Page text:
• "God invented war so Americans could learn geography" -- Mark Twain.

Tuesday, July 15, 2014

The Futility of Typewriters

Last year, in the wake of the the Snowden disclosures, Russia announced that it was reverting to typewriters for its most sensitive communications. "The most primitive method is preferred: a human hand with a pen or a typewriter,” said a spokesman for the Federal Security Service.

Oh, how the world turns. It sounded all rather like Général Joffre ensconcing himself in the Chateau de Chantilly and communicating with his GHC via carrier pigeon, while the Battle of the Marne raged.

But now Germany is following suit. According to Die Welt,

“... people [in government] are trying to stay away from technology whenever they can. Those concerned talk less on the phone, prefer to meet in person. More coffees are being drunk and lunches eaten together. Even the walk in the park is increasingly enjoying a revival"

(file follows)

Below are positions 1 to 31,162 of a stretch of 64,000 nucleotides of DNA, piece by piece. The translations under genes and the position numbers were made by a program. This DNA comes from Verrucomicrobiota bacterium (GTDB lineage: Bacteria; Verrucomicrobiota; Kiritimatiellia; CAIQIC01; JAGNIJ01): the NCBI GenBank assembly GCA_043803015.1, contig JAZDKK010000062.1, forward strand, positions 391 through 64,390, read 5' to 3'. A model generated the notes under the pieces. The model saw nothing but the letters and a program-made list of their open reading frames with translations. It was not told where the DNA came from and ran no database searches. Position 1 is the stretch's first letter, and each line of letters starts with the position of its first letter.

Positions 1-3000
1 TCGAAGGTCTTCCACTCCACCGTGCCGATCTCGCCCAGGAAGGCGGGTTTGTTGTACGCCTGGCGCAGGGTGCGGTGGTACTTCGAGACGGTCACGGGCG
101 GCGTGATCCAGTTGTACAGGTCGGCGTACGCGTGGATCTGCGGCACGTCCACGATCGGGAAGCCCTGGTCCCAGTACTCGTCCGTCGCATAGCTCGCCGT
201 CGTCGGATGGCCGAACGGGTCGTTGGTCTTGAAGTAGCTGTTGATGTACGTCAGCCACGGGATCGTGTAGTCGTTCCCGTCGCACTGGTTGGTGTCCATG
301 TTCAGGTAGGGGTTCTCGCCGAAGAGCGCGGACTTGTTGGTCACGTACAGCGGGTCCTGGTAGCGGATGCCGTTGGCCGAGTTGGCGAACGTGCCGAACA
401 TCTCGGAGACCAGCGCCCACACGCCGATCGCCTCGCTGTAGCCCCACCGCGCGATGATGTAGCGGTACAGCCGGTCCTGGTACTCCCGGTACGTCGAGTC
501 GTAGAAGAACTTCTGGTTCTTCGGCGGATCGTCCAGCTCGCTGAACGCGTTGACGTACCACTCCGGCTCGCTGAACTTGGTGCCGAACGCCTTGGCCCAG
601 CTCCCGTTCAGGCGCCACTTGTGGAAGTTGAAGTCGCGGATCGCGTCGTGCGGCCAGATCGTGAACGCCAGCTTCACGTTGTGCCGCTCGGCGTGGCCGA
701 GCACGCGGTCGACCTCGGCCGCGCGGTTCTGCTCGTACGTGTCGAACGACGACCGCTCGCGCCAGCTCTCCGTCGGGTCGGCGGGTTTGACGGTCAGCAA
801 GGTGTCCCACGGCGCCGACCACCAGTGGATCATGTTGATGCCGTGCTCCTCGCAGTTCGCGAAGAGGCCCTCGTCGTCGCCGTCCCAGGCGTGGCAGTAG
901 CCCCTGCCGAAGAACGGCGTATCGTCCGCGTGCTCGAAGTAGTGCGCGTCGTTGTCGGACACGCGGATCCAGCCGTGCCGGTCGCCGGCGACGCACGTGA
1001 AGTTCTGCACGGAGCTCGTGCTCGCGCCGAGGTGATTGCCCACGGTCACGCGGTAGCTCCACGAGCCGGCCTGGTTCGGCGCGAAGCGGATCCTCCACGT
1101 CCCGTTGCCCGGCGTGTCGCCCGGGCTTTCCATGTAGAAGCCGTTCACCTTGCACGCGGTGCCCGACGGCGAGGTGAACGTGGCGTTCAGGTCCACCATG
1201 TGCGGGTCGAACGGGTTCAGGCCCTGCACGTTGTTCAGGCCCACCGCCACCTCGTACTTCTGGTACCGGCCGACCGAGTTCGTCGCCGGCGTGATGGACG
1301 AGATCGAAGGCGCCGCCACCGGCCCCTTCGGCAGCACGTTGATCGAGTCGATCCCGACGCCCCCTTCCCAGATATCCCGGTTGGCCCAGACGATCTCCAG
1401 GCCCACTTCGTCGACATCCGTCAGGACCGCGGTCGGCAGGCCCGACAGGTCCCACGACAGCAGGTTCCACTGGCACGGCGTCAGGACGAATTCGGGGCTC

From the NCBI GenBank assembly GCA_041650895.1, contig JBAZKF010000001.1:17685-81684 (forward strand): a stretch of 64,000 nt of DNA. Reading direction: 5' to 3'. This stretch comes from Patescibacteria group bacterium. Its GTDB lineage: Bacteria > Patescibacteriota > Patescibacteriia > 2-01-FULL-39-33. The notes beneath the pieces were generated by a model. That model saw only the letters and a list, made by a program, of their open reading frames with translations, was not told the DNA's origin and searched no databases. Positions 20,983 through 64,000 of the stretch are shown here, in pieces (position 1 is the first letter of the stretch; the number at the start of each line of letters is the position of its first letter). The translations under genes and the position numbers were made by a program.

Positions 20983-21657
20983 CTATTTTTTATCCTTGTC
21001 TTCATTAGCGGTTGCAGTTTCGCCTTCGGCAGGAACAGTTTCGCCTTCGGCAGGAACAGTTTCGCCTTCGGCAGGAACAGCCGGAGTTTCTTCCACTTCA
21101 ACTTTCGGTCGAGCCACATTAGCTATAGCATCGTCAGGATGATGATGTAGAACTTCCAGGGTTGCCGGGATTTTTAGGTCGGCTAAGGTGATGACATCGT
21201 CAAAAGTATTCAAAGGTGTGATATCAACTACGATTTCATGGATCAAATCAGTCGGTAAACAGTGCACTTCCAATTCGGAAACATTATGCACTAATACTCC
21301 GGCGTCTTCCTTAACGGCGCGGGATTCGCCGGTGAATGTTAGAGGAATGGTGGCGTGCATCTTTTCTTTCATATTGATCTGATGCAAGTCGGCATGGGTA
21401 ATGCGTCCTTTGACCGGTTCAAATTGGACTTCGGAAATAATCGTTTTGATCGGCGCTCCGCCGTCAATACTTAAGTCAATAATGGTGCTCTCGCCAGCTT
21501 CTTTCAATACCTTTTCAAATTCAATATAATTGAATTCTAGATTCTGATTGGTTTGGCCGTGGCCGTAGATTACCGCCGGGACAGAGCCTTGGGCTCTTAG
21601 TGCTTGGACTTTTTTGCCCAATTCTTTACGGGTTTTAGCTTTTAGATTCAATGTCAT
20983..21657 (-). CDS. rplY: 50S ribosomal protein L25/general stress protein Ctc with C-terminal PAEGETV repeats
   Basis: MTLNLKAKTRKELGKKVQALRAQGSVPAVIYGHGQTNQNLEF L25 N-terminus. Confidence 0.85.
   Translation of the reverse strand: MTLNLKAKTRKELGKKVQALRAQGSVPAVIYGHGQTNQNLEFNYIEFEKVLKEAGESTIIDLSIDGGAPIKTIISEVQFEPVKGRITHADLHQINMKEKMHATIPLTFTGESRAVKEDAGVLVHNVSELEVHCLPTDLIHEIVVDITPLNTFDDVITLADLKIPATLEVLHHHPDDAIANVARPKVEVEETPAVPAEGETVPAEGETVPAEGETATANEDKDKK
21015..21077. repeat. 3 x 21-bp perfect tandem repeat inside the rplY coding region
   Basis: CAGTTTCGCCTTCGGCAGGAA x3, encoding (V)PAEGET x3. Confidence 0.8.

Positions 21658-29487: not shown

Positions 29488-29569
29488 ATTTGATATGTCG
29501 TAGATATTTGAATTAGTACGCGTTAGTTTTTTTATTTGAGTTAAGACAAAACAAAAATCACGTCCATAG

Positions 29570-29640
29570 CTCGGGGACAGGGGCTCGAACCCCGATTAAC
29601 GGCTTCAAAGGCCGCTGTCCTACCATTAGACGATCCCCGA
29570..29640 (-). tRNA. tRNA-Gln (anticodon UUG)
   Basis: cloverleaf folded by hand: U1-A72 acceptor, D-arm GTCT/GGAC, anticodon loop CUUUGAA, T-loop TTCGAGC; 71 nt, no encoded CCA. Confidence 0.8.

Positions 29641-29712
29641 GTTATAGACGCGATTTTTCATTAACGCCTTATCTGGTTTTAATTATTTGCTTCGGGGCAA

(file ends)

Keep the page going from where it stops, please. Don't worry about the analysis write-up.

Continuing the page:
Walks-in-the-park brought to mind another memory.

I had a professor who had fled the Nazis shortly after they came to power.  Every year, for incoming Sophomores, he held a two or three session class to explain how and why the Nazis had come to power.

The official line at the time — believe it or not — was that a megalomaniac with a clownish mustache had begun ranting and salivating on a podium and a whole nation murderously followed.  Our professor aimed to provide a more adult account.

I recall someone asking, what was the worst thing about living under the Nazis.  Our professor thought a moment a replied, 

“Probably the fact that you didn’t know whom you could trust or where you were safe.  People met secretly in cars or on walks in the park where they couldn’t be overhead.  You never said anything important over the phone.”
Joffre’s penchant for secrecy has been ridiculed for the French reverses in the early stages of the Great War.  But if there was a problem it was in the “ensconcing” not in the “pigeon.”  After all, pigeons can be used to spy from the sky as well as to deliver secret messages.